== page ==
Thursday, December 18, 2014
"Beautiful arms are a powerful weapon in the armory of beauty; but though most women appreciate to the full the charm of this possession, the fact remains that in America undeveloped arms are the rule, and rounded, dimpled symmetry the exception. Lately, however, the gymnasium is producing charming arms. Exercise is essential to the development of the arms: exercise, that is, of the arms themselves. Gymnastic exercises that bring the muscles of these into play should be, as far as possible, encouraged in girls, as tending not only to their improvement in this particular, but as being beneficial to the general health."
Maud C. Cooke, Social Etiquette
Finally, the secret of powerful and dimpled arm perfection: go to the gymnasium and exercise the arms themselves.
Monday, December 8, 2014
"To make Turnip Wine. Take a good many turnips, pare, slice, and put them in a cyder-press, and press out all the juice very well; to every gallon of juice have three pounds of lump-sugar, have a vessel ready just big enough to hold the juice, put your sugar into a vessel, and also to every gallon of juice half a pint of brandy; pour in the juice, and lay something over the bung for a week, to see if it works; if it does, you must not bung it down till it has done working: then stop it close for three months, and draw it off in another vessel. When it is fine, bottle it off."
Hannah Glasse, The Art of Cookery Made Plain and Easy
When will your turnip wine taste fine? Maybe right after you've downed the last bottle of non-turnip wine.
Tuesday, December 2, 2014
"On all occasions when a number of people convene together, whether indoors or out, the laws of courtesy should be obeyed. It is the duty of the gentlemen to be ever attentive to the ladies. If it be a picnic, the gentlemen will carry the luncheon, erect the swings, construct the tables, bring the water, provide the fuel for boiling the tea, etc. On the fishing excursion they will furnish the tackle, bait the hooks, row the boats, carry the fish, and furnish comfortable seats for the ladies. In gathering nuts, they will climb the trees, do the shaking, carry the nuts, and assist the ladies across the streams and over the fences."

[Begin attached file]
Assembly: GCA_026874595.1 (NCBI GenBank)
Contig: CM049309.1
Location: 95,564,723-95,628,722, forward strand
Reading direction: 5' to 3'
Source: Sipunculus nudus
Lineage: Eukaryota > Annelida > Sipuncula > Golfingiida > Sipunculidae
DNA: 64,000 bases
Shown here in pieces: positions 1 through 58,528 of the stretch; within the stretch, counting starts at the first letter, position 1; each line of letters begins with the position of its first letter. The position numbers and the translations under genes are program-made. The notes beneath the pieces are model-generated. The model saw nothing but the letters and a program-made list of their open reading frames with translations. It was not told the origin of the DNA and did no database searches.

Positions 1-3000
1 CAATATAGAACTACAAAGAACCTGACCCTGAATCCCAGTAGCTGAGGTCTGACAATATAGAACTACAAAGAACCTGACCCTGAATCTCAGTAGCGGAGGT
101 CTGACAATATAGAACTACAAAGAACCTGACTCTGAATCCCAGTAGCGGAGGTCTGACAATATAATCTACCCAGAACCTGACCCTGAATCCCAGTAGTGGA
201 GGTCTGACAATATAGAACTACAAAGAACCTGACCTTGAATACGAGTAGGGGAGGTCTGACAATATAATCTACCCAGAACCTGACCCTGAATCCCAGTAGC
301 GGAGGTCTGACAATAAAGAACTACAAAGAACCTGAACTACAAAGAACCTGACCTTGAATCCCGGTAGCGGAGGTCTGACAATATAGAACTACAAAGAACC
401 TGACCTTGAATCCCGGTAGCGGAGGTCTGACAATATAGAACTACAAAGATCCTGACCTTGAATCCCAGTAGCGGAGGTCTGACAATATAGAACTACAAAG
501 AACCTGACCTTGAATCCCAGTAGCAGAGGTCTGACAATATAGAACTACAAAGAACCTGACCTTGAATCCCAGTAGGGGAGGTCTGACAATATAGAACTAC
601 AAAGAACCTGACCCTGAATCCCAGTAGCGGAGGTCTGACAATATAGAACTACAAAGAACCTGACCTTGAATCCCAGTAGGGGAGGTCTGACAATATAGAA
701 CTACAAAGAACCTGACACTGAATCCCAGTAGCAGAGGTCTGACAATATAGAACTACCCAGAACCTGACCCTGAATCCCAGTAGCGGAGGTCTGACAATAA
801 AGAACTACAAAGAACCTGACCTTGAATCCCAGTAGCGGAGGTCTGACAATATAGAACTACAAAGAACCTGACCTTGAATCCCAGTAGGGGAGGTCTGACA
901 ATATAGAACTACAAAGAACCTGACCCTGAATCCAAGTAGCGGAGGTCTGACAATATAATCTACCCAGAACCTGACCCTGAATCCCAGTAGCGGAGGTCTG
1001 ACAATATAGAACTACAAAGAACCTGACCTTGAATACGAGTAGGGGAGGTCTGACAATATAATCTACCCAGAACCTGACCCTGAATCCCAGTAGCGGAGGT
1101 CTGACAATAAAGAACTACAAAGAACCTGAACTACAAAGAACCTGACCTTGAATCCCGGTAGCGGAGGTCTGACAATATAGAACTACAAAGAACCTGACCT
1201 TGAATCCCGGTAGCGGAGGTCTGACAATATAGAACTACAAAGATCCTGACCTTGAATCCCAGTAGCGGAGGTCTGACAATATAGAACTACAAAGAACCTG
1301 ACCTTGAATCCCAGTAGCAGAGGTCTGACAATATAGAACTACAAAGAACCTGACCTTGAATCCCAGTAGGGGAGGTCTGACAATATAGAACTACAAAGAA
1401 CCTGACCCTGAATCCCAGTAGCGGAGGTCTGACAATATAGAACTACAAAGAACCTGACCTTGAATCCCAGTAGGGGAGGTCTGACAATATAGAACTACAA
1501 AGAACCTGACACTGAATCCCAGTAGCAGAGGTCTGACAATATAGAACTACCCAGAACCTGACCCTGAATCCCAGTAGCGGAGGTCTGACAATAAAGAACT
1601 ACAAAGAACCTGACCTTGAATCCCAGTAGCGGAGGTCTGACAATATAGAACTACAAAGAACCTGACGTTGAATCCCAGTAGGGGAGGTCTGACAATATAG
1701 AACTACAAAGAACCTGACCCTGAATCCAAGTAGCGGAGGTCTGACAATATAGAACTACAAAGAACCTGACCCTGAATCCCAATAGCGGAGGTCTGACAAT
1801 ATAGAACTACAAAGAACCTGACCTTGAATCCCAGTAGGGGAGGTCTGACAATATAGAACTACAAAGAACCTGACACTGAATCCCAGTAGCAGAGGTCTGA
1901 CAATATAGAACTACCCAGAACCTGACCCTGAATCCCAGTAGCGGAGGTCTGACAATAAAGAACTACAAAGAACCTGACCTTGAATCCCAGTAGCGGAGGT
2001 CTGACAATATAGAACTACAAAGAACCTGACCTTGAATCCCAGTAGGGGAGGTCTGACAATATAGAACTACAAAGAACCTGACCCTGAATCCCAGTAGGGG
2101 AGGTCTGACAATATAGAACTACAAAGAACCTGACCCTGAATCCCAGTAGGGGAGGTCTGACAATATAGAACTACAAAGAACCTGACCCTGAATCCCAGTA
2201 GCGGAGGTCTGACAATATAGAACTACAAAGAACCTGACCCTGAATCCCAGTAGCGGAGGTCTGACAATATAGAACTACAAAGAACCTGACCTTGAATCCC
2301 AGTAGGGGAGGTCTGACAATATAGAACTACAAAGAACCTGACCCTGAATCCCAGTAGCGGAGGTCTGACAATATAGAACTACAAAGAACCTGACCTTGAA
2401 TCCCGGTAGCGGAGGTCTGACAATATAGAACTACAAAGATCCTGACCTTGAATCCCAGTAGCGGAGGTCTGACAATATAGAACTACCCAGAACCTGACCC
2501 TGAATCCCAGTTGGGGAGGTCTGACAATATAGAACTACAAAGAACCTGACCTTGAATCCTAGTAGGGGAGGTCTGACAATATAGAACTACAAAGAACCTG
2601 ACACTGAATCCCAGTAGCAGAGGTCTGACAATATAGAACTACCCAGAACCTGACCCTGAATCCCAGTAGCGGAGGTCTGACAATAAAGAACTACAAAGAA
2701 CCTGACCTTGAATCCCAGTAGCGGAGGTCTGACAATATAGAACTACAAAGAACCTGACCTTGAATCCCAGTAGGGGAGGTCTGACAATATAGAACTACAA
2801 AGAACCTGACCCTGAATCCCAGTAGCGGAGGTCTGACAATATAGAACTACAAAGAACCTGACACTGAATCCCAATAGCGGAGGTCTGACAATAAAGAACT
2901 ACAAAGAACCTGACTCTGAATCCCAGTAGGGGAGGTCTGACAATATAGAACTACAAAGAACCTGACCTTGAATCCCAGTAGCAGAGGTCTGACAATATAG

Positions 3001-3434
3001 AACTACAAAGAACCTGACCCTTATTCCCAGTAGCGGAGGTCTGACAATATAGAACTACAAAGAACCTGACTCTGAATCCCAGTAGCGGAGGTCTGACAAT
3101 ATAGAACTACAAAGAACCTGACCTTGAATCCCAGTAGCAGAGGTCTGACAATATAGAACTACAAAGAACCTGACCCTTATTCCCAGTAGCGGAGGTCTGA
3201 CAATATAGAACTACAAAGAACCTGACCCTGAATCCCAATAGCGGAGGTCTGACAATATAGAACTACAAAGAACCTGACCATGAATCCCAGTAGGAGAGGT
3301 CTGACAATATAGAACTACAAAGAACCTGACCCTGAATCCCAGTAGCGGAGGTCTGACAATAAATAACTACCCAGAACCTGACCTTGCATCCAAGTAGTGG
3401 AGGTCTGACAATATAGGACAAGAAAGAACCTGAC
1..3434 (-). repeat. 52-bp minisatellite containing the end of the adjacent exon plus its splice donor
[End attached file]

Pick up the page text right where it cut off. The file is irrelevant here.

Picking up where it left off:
Thomas E. Hill, Hill's Manual of Social and Business FormsAttention, gentlemen: it's not enough to hold the door for the lady. You must also be prepared to construct an alfresco playground, transport trout, and scale a nut tree at any moment. This is the law of courtesy.
Friday, November 21, 2014
"If a gentleman wants a wife, he wears a ring on the first finger of the left hand; if he is engaged, he wears it on the second finger; if married on the third; and on the fourth if he never intends to be married. When a lady is not engaged, she wears a hoop or diamond on her first finger; if engaged, on the second; if married, on the third; and on the fourth if she intends to die unmarried."
The Mystery of Love, Courtship, and Marriage ExplainedAnd a diamond thumb ring is universal language for "it's complicated."
at 8:50 AM
Monday, November 10, 2014
"Amongst those things that will make ones beard grow, and are easy to be had, I reckon Honey, fresh Butter without Salt, the juyce of a red Onion... Badgers grease, called Das, Bears, Lions, Grease, Bryony-roots, Beets, Radish, Pepperwort, white Lilies, Flour-de-luce: a liniment may be made of these, for the chin wet with these, first brings forth a tender down, after that a thick and long beard, which that it may not grow white too soon, must be watered rather with cold water that hath a little wine mingled with it, if we desire to adorn it."
Levinus Lemnius, The Touchstone of ComplexionsThe path to bearded bliss is long, tortuous, and kind of smelly. Much like the beard itself.
Wednesday, October 29, 2014
|Ortus Sanitatis (1499)|
"Beat egges shales to pouder and syft them through a linnen cloth and blewe them into his nose: if the shales were of egges whereout yonge chickens are hatched, it were so much the better. Or els take the dounge of an asse, mixe the same wyth vinegre, and holde the same at his nose. Lykewyse doth the dounge of a Sowe or Swyne that hath eaten grasse.”
Hieronymus Brunschwig, A Most Excellent and Perfecte Homish ApothecaryeA handy quiz for identifying effective nosebleed remedies:
1. Did it come out of a farm animal?
2. Did a farm animal come out of it?
If you answered "yes" to one or both of these questions, go ahead and apply it to your nose.
Wednesday, October 22, 2014
|British Library Sloane MS 75, f. 87r|
"A weasel placed on a scorpion bite helps greatly... if its heel is taken from it while it still lives and is placed on a woman, she will not get pregnant as long as it is there."
Albertus Magnus, De animalibusAs if you needed another reason to keep a live weasel in your bedroom.